Elvis Andrus - Before diving into a review of Elvis Andrus, let's remember he doesn't turn 24-years old until August. There is a ton of room for improvement with this kid, who went 2-for-4 with two singles on Monday. He entered yesterday's game versus the Yankees with an improved walk rate (up 3% compared to '11) and owned a .115 ISO (compared to a .082 mark in '11). However, thanks to a .260 BABIP, the shortstop was hitting just .230 and probably making his fantasy owners a little restless, especially because he's attempted just one stolen base. Since so much of Andrus' value is tied to steals, it's going to be fascinating to see if the Rangers start allowing him to run more often. With such a potent lineup, Ron Washington may be thinking the risk of trying to steal a base isn't worth it since one of the big boppers will just knock in Andrus anyway. Be patient with the batting average and 30 steals should still be in play by season's end.
Mark Reynolds - The Orioles didn't play on Monday so Mark Reynolds couldn't make an out. At least, I think that's true. Reynolds is a notoriously streaky hitter, but he's in some kind of funk, even for him. In 14 games, Reynolds has zero HRs, a 39% strikeout rate, a .083 ISO and a .125/.250/.208 slash line. I feel like we should all pause for a moment of silence now. As bad as he's been, Reynolds should start hitting HRs soon enough. He's hit at least 28 bombs in every season since 2008 and recorded an ISO of .216 or better in each season since 2007. Reynolds may not be seeing the ball well right now based on his 50% swing percentage on pitches in the strike zone (compared to a 67% career average). He's also hitting a ton of FBs (61%) and hardly any LDs (7%). All these numbers are way out of whack with his career norms so expect Reynolds to bounce back in the coming weeks. He's been so bad you might even be able to pick him up for next to nothing at this point.
Shelley Duncan - The Indians' left fielder, or Lurch as I like to call him, has been on a tear to start the season and enters tonight's game with a .268/.434/.439 slash line to go along with a .171 ISO. Duncan's 23% walk rate is outstanding and helps make up for his 21% strikeout mark. Duncan's actually a decent hitter when he's used in the right way, which means two or so starts per week. He's never accumulated more than 259 plate appearances in a season and that's because, after awhile, he's exposed as a hitter. Last season, for example, the Tribe gave Duncan 247 plate appearances and he responded with a respectable .808 OPS to go along with 11 HRs. This season, the Indians whiffed on acquiring a good outfielder via free agency and, with Grady Sizemore out, had to move Michael Brantley to center which opened up left field for the Dunc Tank. With Johnny Damon set to join the club around May 1, Duncan's monopoly on left field is winding down. He's certainly worth playing now while he's hitting well but his at-bats and performance are both likely to drop off soon.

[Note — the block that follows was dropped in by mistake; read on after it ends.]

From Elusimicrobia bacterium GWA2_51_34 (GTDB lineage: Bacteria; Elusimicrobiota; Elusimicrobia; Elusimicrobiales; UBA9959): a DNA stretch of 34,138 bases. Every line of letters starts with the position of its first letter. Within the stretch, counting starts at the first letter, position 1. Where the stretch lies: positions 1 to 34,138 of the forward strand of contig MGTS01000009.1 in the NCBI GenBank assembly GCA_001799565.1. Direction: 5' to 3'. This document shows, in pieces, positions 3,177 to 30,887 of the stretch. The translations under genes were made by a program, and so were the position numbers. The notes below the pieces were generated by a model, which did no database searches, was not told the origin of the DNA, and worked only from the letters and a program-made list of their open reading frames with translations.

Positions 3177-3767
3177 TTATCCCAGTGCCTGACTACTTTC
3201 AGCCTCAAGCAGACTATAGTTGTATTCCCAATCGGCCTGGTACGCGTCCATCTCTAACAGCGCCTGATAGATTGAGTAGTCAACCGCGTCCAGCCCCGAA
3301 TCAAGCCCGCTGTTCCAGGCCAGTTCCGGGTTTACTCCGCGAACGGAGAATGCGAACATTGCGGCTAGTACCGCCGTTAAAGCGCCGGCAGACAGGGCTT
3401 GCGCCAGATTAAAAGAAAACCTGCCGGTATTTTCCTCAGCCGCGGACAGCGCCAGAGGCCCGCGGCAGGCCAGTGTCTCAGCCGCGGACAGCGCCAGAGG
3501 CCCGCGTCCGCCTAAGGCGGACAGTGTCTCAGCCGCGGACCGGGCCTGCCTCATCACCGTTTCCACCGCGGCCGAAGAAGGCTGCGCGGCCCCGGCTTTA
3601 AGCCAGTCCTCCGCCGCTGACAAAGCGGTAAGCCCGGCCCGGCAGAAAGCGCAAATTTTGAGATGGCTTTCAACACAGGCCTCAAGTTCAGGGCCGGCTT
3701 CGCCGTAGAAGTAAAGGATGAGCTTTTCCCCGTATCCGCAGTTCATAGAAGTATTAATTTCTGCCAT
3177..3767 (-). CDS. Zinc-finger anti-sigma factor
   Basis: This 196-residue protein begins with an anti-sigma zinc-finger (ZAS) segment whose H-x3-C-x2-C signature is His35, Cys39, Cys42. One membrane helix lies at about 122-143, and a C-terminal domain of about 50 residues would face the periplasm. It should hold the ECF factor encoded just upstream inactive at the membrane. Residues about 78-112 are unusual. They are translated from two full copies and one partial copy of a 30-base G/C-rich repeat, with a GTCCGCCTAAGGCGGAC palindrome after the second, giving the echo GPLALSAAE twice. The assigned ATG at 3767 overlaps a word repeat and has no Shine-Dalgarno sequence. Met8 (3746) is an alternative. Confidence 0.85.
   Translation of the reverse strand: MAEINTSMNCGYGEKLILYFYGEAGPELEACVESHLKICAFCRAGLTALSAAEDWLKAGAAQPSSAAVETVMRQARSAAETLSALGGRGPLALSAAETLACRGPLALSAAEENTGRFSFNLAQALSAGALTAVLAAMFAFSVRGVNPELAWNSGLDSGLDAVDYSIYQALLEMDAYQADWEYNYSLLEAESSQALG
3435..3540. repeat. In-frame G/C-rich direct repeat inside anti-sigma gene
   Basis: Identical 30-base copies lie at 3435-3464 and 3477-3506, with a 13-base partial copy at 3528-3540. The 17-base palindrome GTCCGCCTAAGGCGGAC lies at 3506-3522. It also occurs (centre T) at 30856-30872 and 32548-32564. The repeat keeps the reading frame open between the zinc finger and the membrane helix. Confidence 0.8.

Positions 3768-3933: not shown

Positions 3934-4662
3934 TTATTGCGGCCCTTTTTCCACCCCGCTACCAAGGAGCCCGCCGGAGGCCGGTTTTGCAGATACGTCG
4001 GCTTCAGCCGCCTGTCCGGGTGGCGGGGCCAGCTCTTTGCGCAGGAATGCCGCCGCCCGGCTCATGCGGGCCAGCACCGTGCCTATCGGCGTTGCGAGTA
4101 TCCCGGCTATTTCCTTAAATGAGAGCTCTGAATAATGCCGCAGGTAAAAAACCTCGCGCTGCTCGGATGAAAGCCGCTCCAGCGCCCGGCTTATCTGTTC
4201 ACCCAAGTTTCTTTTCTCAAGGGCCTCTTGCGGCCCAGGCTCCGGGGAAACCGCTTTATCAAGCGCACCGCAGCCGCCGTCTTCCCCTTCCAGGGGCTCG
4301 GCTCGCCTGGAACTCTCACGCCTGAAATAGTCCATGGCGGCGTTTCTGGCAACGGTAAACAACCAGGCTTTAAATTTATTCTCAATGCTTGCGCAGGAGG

Tom Milone - I'll be honest, in the preseason I didn't anticipate writing about Tom Milone. But, here we are, with Milone making his fourth start of the season this evening versus the White Sox and owning a spiffy 2.84 ERA. However, the joy ride is likely to end soon for Mr. Milone based on his horrible peripheral stats. His strikeout rate, at 3.79, is barely above mine. He's also walking nearly three batters per game and owns an unsustainable .224 BABIP as well as a 4.42 xFIP. However, at 25, Milone does have some long-term value in fantasy leagues. He is just starting to get his first taste of the majors after tossing 26 innings last season with the Nationals and he did own an 8.83 strikeout rate at AA ball in 2010 and a 9.40 whiff rate at AAA in 2011. So, while he isn't missing bats at the major league level yet, there's definitely hope he can improve as he gets more experience. I'd be cautious buying Milone at this point based on his peripherals, but he is someone who may be able to help your team down the road.
Jon Lester - So, what's wrong with Jon Lester? On Monday against the Twins, the Red Sox lefty got shelled again, giving up five earned runs in seven innings. Lester's problems have been plentiful and a combination of bad luck and poor execution. He's not striking out as many batters as he has in past seasons, owning a 6.35 strikeout rate prior to yesterday's start. His strand rate is just 61%, while his BABIP is about 28 points above his 2011 mark. He's also issuing too many free passes with a 4.76 walk rate compared to a 3.43 career mark. Last night, Lester against struggled with his command by walking four batters. His 3.88 FIP indicates he's been unlucky, but his 4.60 xFIP disagrees. Much like Tim Lincecum, folks are overreacting to a few bad starts that just so happen to occur early in the season. I suspect Lester will be a solid No. 2 SP in most leagues once he figures things out.
If you appreciated the relief pitching of Steve Olin, follow me on Twitter.